Ordinary language is, literally at every moment, subject to mutation. This takes many forms. New words enter as old words lapse. Grammatical conventions are changed under pressure of idiomatic use or by cultural ordinance. The spectrum of permissible expression as against that which is taboo shifts perpetually. At a deeper level, the relative dimensions and intensities of the spoken and the unspoken alter. This is an absolutely central but little-understood topic. Different civilizations, different epochs do not necessarily produce the same ‘speech mass’; certain cultures speak less than others; some modes of sensibility prize taciturnity and elision, others reward prolixity and semantic ornamentation. Inward discourse has its complex, probably unrecapturable history: both in amount and significant content, the divisions between what we say to ourselves and what we communicate to others have not been the same in all cultures or stages of linguistic development.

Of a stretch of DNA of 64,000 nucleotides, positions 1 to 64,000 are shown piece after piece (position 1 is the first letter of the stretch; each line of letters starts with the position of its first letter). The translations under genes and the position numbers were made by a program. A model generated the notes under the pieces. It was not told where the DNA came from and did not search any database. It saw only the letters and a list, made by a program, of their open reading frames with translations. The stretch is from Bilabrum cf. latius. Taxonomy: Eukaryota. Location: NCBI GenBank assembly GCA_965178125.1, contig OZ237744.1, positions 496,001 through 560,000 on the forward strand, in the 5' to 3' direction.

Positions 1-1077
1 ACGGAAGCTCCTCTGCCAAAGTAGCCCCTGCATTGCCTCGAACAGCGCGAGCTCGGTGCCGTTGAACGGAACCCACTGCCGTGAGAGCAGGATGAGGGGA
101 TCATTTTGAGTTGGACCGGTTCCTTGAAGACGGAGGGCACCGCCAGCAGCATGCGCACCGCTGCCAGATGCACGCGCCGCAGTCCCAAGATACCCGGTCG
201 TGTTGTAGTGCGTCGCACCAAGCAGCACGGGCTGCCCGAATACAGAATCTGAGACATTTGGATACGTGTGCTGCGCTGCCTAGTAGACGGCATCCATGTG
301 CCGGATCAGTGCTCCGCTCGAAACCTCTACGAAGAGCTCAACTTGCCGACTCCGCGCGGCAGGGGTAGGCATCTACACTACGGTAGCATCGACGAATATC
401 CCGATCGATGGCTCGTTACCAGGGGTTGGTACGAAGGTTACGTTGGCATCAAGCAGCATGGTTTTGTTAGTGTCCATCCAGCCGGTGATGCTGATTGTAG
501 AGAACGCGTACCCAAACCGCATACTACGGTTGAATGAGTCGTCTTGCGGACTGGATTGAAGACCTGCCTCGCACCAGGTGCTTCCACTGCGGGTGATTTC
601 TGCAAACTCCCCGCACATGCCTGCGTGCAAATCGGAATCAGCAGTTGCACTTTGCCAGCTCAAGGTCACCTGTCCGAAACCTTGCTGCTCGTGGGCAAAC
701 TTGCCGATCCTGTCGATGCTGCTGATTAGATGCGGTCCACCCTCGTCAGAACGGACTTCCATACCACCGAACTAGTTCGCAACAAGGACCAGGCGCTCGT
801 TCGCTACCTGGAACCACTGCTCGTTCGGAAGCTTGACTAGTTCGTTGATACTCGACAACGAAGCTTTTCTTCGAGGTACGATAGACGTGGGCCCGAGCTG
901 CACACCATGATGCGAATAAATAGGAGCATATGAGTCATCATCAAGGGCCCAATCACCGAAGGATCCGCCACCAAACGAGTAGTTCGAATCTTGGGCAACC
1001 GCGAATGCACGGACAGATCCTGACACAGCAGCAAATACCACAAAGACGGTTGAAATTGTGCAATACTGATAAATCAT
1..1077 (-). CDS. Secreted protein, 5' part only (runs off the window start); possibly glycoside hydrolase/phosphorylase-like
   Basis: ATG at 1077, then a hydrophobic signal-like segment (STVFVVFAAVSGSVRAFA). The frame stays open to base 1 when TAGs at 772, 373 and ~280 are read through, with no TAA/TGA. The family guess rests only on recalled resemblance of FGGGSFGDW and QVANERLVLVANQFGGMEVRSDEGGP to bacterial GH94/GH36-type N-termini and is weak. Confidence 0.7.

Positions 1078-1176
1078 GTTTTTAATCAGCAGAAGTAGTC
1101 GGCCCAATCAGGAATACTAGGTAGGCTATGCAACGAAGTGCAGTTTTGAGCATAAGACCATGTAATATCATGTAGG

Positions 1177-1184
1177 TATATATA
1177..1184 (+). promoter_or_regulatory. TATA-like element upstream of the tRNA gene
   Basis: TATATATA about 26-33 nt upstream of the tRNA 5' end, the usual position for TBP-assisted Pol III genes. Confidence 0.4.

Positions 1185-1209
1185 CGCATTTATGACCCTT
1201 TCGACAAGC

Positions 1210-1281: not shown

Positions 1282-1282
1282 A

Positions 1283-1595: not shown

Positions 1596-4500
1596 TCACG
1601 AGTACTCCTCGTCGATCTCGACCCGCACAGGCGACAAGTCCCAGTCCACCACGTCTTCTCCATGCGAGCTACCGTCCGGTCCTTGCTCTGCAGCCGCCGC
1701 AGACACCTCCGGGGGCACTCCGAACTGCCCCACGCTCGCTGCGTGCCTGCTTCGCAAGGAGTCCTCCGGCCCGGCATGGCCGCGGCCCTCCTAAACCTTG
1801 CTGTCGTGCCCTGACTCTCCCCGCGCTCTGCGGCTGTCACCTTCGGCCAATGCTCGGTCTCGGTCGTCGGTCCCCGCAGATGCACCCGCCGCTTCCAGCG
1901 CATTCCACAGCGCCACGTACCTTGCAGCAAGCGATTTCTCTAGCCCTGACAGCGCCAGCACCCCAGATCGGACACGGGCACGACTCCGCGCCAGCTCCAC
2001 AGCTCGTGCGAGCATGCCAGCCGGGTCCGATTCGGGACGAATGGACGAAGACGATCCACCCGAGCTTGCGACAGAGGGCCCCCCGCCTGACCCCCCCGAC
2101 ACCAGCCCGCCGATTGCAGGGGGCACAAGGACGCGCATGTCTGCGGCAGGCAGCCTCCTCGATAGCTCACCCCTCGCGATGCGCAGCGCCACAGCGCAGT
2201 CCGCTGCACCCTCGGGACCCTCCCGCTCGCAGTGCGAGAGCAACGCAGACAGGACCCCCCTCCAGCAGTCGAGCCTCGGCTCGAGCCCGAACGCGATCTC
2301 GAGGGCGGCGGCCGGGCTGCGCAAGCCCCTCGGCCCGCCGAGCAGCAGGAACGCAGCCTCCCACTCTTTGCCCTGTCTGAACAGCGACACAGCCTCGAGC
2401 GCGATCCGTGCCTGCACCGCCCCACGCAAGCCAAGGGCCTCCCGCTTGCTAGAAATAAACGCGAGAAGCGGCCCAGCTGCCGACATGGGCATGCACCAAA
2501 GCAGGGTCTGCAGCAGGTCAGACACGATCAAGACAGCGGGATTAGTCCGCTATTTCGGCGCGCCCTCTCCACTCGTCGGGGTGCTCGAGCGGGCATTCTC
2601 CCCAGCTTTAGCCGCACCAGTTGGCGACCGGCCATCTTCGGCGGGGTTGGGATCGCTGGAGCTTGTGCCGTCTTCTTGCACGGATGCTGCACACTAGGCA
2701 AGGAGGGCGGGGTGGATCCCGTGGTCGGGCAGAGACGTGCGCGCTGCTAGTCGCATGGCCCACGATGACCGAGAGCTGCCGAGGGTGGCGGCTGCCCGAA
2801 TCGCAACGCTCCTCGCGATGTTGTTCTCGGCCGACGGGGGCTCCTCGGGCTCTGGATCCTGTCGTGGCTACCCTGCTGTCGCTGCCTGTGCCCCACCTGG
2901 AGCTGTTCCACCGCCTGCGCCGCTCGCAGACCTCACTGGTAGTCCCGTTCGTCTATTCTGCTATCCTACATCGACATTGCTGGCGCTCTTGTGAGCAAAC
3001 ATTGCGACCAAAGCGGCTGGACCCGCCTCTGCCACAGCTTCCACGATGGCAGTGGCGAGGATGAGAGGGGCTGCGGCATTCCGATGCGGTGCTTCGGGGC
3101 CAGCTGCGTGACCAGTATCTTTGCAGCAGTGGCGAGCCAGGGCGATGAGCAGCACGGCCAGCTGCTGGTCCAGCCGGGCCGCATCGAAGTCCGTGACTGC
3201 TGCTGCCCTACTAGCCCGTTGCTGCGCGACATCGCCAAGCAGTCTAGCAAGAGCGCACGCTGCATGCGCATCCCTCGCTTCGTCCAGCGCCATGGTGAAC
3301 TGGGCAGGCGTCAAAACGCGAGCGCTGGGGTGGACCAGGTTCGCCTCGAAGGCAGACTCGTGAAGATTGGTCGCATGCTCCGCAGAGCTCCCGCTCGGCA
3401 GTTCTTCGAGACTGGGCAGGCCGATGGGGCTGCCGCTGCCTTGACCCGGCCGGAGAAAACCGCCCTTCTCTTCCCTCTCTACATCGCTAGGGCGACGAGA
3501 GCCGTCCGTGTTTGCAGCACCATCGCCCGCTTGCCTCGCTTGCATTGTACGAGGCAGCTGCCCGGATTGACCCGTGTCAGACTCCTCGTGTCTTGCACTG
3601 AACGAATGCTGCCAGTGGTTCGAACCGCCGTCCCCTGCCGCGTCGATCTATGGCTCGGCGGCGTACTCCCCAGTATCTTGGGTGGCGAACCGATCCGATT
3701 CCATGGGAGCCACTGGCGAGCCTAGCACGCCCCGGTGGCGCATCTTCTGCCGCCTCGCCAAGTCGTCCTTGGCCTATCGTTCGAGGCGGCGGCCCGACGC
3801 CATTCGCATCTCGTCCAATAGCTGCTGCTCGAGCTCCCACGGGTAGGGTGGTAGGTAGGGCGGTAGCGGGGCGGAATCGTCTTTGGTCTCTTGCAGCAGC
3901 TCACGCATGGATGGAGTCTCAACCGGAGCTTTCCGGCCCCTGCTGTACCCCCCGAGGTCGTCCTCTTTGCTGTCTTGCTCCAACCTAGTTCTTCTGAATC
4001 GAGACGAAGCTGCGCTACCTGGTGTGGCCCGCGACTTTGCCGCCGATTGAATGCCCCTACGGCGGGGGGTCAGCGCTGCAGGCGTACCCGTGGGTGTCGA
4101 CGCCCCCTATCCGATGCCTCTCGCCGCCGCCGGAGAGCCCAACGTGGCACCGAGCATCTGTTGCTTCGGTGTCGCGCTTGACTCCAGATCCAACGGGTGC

– George Steiner, After Babel: Aspects of Language and Translation (1975)

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